Internet GDP: The Metric that Gives More for Less

Internet GDP: The Metric that Gives More for Less


A standard trope these days is that we in the middle class have been slogging through a couple of decades of woe. Wages are stagnant. Our standard of living isn’t improving. The grand forces of our time—the Internet and globalization—are failing to better our lives, and may be making things worse.

The numbers prove it. But here’s the problem: the traditional numbers used by the government and economists measure the wrong stuff for the twenty-first century. A New Yorker piece this week argues that the Internet has failed to boost the standard of living, and lays out all the data to substantiate it. Except the data doesn’t reflect real life. 

Technology and globalization may not be a boon for measurable productivity, jobs, or wages, but these forces have had a powerful impact on the other side of the ledger: consistently and dramatically giving us more for less. If my wages have merely kept up with inflation since 1993, I should be able to live better now than I did then.

  In a piece in March, The Economist tried to get at this discrepancy in a story sub-titled, “How to quantify the gains that the Internet has brought to consumers.” It looks mostly at time saved by using the Internet. A couple of decades ago, if someone got a disease and wanted to research it, they’d have to go to a library and spend days pulling down books and following citations. Now they go on Google from a laptop at home and get far more information in a couple of hours.

“The amount of internet activity that actually shows up in GDP—Google’s ad sales, for example—significantly understates its contribution to welfare by excluding the consumer surplus that accrues to Google’s users. The hard question to answer is by how much,” the authors state. Among the experts cited by The Economist are Erik Brynjolfsson, who presented on the topic at last year’s Techonomy conference in a talk entitled “Why it Matters that the GDP Ignores Free Goods.”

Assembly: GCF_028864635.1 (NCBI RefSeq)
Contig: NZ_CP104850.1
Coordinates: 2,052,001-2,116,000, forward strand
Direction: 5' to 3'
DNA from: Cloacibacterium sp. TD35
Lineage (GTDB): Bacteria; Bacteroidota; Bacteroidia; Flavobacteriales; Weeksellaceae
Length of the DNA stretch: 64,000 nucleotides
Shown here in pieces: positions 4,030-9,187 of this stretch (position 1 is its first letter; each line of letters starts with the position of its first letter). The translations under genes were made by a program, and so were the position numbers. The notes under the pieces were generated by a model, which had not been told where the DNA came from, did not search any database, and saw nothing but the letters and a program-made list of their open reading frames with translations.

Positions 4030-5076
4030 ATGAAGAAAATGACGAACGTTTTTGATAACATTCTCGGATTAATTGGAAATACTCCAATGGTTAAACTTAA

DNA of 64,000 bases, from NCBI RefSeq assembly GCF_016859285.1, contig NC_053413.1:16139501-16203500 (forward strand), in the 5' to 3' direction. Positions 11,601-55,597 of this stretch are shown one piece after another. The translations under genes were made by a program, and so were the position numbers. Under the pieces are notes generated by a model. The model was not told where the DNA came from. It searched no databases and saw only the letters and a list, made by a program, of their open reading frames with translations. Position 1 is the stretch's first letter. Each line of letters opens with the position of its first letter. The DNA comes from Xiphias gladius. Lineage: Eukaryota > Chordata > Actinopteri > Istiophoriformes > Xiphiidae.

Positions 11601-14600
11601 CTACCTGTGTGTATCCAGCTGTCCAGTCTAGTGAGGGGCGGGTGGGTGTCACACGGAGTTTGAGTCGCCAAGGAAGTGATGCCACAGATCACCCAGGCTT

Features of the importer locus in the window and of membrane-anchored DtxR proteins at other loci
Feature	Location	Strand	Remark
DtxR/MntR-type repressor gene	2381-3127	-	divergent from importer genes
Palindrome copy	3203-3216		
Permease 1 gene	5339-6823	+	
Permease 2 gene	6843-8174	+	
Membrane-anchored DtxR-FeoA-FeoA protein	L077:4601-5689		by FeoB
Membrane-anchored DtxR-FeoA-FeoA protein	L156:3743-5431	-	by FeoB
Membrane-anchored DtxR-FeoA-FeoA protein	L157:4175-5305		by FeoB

And in the Wall Street Journal earlier this year, a couple of economics professors, Donald Boudreaux and Mark Perry, also grappled with the measurement problem, concluding: “While income inequality might be rising when measured in dollars, it is falling when reckoned in what’s most important—our ability to consume.”
Leave the metrics aside for a moment and just consider all kinds of examples from day to day life. How about photographs? Twenty years ago, I carried a $100 camera that took pictures on film that had to be both bought and developed, and if I wanted to share the images with others, I’d pay for copies. Now all of that activity is essentially free, and no doubt better. I can even edit the photos myself.
Long-distance phone calls: In the 1990s, I’d have paid several dollars a minute to talk to someone overseas. On Skype, I can do it for a few cents a minute, or connect to another Skype account and do it for free—with video added.
What’s the value of friendships kept up through Facebook? A good restaurant found on Yelp? Not getting lost because of GPS on a cell phone? Jobs found or connections made on LinkedIn? No numbers can measure such gains in living standards. Yet the gains are real for a wide swath of the middle class. These are not toys for the rich.
Globalization—which is driven by the connectivity of the Internet—plays its powerful role, too. Inexpensive “fast fashion” stores like H&M and Zara exist because of the ability to source globally and cheaply. A $200 shopping spree in 1993 might’ve gotten me a couple of fashionable items at Nordstrom. Now that same amount would fill an enormous shopping bag with hip-looking clothes at H&M.
Such examples can go on and on. Sure, some products and services have remained immune to the grand forces of the past two decades—gas, real estate, airfares. But even when it comes to basics like food and furniture, we’re getting more for less. As Boudreaux and Perry point out: “According to the Bureau of Economic Analysis, spending by households on many of modern life’s basics—food at home, automobiles, clothing and footwear, household furnishings and equipment, and housing and utilities—fell from 53 percent of disposable income in 1950 to 44 percent in 1970 to 32 percent today.”
The Internet is a bust? The middle-class standard of living has flat-lined? Puh-lease.

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